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Sunday, June 18, 2006

The Lake House

This past weekend I was one of the first to see the re-teaming of Sandra Bullock (Crash) and Keanu Reeves (A Scanner Darkly) in The Lake House, a romantic drama with a definite twist to it that is now playing at the Essex Cinemas. As soon as I emerged at the end of the movie, staff at the theater were anxious to know what I thought as the buzz on the film has been strong and I’m sure a lot of people, remembering Reeves and Bullock in Speed, are expecting another fast-paced action adventure that will recapture the magic they shared in that flick from a dozen years ago.

My biggest concern going in was that it may have been too late for that chemistry to percolate again. As a matter of fact, almost as if she was reading my mind, Bullock’s character, Dr. Kate Forster, speaks in that vein when she addresses her own concerns about her relationship with Reeves’ Alex Wyler by noting that sometimes time is the biggest barrier, and that sometimes too much time apart can ruin everything. Of course, in her case, the problem is a lot more complicated than whether audiences will remember how well she clicked with Keanu in the old days since this is a movie about quirks in the fabric of time itself. I hesitate to call it a “time travel” movie as many in the media have because nobody has a machine that takes them to and from the past or future. Nobody goes anywhere. Just their mail does.

Explaining the appeal of The Lake House is about as easy as explaining the allure of George Dubya to a die-hard Democrat or Hillary Clinton to a staunch Republican. It just ain’t gonna happen. The Lake House is partisan politics all the way. You’ll either love it or you’ll hate it, or, like a lot of people when it comes to politics, you’ll end up scratching your head and thinking you must have missed something along the way.

I’ll let you know right now that I loved The Lake House. I loved the romance of the two main characters, I loved the pacing of the story, and I most of all loved Sandra Bullock, who I always adore in everything she does. There is just something so profoundly vulnerable and honest in her work that I always believe everything she tells me even though I know that as an actress it is her job to lie to me convincingly, and she does it so darned well.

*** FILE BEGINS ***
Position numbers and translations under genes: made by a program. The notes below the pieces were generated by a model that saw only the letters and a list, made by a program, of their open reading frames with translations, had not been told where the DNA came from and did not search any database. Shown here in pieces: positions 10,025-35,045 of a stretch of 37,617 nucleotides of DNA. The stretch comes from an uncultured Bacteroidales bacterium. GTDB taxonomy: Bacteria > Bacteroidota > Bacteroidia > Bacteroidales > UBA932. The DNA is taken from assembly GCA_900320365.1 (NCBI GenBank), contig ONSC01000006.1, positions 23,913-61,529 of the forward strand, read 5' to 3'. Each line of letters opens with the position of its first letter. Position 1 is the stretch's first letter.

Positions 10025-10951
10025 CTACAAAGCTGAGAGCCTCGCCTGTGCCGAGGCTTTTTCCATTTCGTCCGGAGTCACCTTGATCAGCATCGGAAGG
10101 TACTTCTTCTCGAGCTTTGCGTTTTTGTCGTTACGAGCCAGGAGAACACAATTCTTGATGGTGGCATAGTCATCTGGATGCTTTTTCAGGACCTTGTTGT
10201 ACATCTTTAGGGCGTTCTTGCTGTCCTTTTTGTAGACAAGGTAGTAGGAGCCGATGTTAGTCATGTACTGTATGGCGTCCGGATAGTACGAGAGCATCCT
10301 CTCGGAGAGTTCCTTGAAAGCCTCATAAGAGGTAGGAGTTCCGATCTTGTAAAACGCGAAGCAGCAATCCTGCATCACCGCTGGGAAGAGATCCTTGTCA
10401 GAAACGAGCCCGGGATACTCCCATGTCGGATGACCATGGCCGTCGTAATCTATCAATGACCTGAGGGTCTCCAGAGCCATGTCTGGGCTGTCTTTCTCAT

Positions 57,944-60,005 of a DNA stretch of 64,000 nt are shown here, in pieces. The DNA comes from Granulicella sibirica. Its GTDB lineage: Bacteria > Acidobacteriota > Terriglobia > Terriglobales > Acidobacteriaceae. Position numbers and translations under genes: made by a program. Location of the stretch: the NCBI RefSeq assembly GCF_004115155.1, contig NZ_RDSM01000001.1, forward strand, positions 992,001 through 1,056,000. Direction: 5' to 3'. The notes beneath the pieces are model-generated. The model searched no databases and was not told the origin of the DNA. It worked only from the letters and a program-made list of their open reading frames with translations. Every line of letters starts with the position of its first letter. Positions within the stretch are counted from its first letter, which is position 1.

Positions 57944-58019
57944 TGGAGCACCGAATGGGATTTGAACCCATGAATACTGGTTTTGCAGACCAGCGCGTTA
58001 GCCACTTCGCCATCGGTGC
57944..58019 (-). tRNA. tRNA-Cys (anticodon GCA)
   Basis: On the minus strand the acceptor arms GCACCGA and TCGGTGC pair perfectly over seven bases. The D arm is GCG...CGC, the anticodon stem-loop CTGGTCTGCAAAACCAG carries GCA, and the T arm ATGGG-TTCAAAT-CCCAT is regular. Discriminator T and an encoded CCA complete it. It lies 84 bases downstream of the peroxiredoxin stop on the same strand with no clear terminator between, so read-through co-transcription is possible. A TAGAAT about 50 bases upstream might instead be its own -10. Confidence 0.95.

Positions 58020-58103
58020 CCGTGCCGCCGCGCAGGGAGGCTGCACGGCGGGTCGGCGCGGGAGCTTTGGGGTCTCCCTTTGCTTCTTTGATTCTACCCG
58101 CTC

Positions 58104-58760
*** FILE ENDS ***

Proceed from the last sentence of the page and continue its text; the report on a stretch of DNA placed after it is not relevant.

In The Lake House she plays the former tenant of a fabulous house on a lake (duh!) outside of Chicago, where she works as a doctor in a large and chaotic hospital. The house is entirely made of glass which makes for a unique and beautiful structure, albeit less than practical, especially for someone like me who loves to throw stones.

After relocating to a place in the city closer to her work she sends a generic letter to the next tenant of the house asking that any mail that might come addressed to her be forwarded to her new address. The reply she gets seems oddly off, and she writes again noting to the sender that he is a bit behind the times as he is still dating his correspondence ‘2004’ instead of ‘2006’.

From there progresses the beginning of a growing friendship and amazement as the two realize that somehow the Alex who is in 2004 was the tenant before Kate came to the house and they are conversing across the span of time.

For Alex, the advantage is that he can find the 2004 Kate and get to see her and know her in his time period although she will have no idea who he is at that point, while the advantage for Kate is that she seemingly does not have to wait two years to "catch up" as Alex does before they can be together. She can pick a place and time as early as that evening and it will mean a long wait for him but only a matter of hours for her. Easy, right? Don’t be ridiculous.

A lot can happen in that two years that will require Kleenex and possibly a Midol if you’ve got one. I heard sniffling in the theater and not just from one corner but from all over the room as an obvious plot point made early on comes back to make WAY more significant importance to the story than it did at the time it happened at the beginning of our tale. This shock from the audience caught me off guard because when the original incident happened I thought it was so blatantly a clue to what was going to happen later that it was about as subtle as getting hit by a bus, but apparently many in the audience were either in a sugar coma from shoveling in their SweetTarts or they were preoccupied wondering (like me) if Keanu had become a Botox addict or just was the victim of way too much cosmetic surgery of late and so they were not paying attention to the actual story. If they had, as I was able, to multitask by keeping track of the plot, my snacks, and the condition of the actors’ faces (I vote for Botox by the way), they would have seen what was coming.

Even though it has its’ obvious moments, The Lake House is a fine departure from the usual summer fare of idiotic superheroes and things that go kerblam!!! in the night. I love my popcorn big budget crapola summer blockbusters as much as anyone, but once in a while it’s nice to have something cool and refreshing as a change of pace, and The Lake House fits that bill quite well. It’s like a tall pitcher of lemonade’s being served up at the Essex Cinemas, along with the air conditioning. Together, they make for a perfect two hour respite from the heat.

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